22. 22.
    Scardamalia, M., Bereiter, C.: Knowledge building: theory, pedagogy, and technology. In: Sawyer, R.K. (ed.) The Cambridge Handbook of the Learning Sciences, pp. 97–115. Cambridge University Press, New York (2006)Google Scholar
  23. 23.
    Barab, S., Pettyjohn, P., Gresalfi, M., Volk, C., Solomou, M.: Game-based curriculum and transformational play: designing to meaningfully positioning person, content, and context. Comput. Educ. 58, 518–533 (2012)CrossRefGoogle Scholar
  24. 24.
    Bereiter, C., Scardamalia, M.: Surpassing Ourselves: An Inquiry into the Nature and Implications of Expertise. Open Court, Chicago (1993)Google Scholar
  25. 25.
    Gee, J.P.: Learning and games. In: Salen, K. (ed.) The Ecology of Games: Connecting Youth, Games, and Learning, pp. 21–40. MIT Press, Cambridge (2008)Google Scholar
  26. 26.
    Deterding, S., Dixon, D., Khaled, R., Nacke, L.: From game design elements to gamefulness: defining “Gamification”. In: MindTrek 2011, pp. 1–7. ACM New York (2011)Google Scholar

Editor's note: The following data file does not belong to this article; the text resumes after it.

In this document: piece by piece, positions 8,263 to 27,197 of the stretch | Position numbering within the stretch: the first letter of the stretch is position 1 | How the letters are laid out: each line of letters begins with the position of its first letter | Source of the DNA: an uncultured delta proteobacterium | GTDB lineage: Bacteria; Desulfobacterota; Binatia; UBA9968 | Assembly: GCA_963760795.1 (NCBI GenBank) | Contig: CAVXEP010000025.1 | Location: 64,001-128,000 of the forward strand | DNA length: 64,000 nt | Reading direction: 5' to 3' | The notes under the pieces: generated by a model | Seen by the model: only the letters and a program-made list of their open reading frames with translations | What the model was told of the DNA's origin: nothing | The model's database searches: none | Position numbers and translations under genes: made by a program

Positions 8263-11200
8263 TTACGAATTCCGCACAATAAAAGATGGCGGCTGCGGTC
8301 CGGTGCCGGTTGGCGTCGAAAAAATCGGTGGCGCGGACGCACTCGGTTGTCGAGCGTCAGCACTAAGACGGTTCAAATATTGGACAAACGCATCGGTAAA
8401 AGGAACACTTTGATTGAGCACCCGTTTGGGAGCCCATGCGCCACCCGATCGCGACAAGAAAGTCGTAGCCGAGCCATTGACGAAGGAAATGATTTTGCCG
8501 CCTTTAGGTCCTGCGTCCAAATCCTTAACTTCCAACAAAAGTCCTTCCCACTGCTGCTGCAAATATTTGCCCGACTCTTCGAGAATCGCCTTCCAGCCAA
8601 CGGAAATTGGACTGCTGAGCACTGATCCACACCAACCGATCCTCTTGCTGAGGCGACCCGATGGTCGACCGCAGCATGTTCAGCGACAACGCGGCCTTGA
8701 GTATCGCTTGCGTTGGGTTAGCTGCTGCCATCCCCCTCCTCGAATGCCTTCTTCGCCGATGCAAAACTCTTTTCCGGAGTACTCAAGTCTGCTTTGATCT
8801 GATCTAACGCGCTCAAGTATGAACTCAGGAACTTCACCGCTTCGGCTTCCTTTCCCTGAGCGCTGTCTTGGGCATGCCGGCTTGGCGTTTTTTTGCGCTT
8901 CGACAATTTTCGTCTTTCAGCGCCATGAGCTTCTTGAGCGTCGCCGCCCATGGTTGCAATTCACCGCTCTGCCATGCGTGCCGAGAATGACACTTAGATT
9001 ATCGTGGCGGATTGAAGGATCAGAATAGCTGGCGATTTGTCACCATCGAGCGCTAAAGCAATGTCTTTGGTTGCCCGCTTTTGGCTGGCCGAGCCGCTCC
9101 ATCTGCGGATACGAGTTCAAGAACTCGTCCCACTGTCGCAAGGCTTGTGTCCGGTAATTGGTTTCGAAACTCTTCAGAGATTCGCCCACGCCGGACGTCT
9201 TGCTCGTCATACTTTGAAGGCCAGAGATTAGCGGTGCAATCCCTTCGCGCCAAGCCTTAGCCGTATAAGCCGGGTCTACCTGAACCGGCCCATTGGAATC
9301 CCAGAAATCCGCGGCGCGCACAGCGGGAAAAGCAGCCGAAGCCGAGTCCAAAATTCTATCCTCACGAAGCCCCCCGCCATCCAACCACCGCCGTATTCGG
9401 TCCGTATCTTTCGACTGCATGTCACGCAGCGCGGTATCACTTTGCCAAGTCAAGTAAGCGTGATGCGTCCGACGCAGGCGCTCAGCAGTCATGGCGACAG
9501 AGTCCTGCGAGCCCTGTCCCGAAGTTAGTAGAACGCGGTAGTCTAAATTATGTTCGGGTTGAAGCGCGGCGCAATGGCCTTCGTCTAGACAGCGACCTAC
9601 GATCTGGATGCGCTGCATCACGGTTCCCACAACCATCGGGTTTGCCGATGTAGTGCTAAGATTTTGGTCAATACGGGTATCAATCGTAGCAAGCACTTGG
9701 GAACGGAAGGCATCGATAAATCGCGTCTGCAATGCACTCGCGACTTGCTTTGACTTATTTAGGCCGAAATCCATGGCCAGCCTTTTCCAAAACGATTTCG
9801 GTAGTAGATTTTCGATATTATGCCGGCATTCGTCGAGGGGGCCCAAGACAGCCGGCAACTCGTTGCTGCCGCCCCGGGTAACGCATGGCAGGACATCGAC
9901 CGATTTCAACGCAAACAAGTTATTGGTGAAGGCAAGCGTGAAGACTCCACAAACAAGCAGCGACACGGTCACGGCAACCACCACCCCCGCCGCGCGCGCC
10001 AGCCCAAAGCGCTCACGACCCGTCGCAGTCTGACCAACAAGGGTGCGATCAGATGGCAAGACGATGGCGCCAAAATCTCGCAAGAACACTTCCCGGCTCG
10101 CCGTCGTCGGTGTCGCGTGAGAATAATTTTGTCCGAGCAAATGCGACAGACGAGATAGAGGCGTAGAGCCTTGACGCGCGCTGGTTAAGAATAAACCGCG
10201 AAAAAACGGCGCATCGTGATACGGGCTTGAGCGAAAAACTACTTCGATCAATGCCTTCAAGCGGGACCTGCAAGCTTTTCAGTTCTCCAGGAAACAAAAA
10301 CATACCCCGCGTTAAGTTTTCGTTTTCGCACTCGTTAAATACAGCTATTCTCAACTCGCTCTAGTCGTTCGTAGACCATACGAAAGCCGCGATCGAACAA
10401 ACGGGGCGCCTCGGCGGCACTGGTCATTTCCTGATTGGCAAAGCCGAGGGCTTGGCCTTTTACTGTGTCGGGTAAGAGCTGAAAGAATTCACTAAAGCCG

27. 27.
    Zichermann, G., Cunningham, C.: Gamification by Design. O’Reilly Media Inc., Sebastopol (2011)Google Scholar
  28. 28.
    Muntean, C.I.: Raising engagement in e-learning through gamification. In: The 6th International Conference on Virtual Learning ICVL, pp. 323–329. Bucharest University Press, Bucharest (2011) Google Scholar

Copyright information

© Springer International Publishing Switzerland 2015

Open Access This chapter is distributed under the terms of the Creative Commons Attribution Noncommercial License, which permits any noncommercial use, distribution, and reproduction in any medium, provided the original author(s) and source are credited.

Authors and Affiliations

  1. 1.University of Duisburg-EssenEssenGermany
  2. 2.Heinrich-Heine-University DüsseldorfDüsseldorfGermany

Personalised recommendations